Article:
A Valley boy’s Euro vision
t can be tempting to draw parallels between a piece of music and the environment in which it was created. But Scott Gilmore, prisoner of LA’s endless suburban sprawl, suggests that approach can be misleading.
“I do not find this environment to be inspiring,” he states unequivocally, of his San Fernando Valley home. “Many days I’d like to go into the city and be stimulated by something unexpected, or go into nature to relax, but the sheer distance keeps me in the studio.”
There, he employs vintage synthesisers and gently twanged guitars to embark on voyages of the imagination. A key track on his debut album Subtle Vertigo is “Europe”, written before he’d ever visited that continent. “While recording it, my mind was filled with daydreams of rolling hills, rivers and a cabin off in the woods with electronic musical instruments.” Naturally, Cluster are a big influence, along with Eno, Kraftwerk, Stereolab and “Bach’s use of polyphony”.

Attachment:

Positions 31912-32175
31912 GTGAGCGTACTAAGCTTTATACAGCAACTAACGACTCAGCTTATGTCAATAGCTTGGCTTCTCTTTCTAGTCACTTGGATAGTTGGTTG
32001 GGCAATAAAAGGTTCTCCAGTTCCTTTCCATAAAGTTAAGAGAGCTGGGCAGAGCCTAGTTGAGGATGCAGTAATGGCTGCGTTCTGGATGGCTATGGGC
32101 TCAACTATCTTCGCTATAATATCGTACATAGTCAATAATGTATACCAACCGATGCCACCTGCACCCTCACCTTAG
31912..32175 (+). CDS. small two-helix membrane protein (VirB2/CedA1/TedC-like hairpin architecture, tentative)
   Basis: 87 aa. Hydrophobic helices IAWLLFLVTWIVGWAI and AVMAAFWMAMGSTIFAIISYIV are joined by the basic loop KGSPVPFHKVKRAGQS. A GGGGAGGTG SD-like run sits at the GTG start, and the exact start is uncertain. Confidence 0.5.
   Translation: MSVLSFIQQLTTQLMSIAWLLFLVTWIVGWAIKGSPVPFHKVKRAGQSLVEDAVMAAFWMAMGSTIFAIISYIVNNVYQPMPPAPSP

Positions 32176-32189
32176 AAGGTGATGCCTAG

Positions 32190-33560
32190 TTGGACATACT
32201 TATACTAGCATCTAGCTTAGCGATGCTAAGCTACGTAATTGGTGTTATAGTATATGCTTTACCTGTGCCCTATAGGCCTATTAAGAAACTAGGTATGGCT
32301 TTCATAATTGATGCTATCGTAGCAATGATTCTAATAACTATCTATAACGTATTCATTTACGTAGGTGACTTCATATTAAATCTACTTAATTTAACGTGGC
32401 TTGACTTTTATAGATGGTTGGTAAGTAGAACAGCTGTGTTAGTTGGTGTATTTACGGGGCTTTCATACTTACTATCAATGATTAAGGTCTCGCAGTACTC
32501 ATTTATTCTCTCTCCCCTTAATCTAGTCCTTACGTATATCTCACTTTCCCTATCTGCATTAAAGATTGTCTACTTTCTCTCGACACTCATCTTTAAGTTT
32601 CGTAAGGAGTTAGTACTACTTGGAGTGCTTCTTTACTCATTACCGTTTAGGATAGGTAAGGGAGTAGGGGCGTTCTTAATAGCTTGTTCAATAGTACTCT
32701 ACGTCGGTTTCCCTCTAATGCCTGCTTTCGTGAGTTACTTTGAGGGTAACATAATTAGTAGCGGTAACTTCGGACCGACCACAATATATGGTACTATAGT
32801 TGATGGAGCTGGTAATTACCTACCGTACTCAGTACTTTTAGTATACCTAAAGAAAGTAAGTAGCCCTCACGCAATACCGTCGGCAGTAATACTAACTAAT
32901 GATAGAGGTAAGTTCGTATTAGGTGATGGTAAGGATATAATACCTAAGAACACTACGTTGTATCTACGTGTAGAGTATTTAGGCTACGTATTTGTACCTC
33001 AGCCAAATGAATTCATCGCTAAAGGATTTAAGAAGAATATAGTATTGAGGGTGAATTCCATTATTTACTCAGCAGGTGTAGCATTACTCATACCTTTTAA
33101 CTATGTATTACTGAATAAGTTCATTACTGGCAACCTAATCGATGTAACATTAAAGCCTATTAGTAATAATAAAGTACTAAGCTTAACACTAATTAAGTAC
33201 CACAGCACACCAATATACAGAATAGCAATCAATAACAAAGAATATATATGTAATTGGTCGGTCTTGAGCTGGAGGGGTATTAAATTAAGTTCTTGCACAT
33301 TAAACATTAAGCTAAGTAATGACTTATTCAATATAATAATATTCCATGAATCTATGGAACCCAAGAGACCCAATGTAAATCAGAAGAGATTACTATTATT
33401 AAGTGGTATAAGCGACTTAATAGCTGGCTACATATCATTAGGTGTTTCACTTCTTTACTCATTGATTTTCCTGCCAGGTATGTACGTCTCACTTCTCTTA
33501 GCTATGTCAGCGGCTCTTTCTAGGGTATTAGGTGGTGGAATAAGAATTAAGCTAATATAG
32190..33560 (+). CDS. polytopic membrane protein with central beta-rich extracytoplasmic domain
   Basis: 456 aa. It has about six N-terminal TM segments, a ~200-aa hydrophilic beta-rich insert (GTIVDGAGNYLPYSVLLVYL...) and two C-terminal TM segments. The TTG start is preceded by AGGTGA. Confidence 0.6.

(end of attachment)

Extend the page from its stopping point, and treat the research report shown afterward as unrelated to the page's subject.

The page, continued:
Gilmore has since travelled to Iceland, Germany and Romania, although he’s returned to the Valley – a place he finds, if not inspirational, then at least motivational. “The title of the album refers to this sense of unease that I experience living in a vast suburb, and it is this experience that pushes me back to the studio where I find joy in the act of creation.”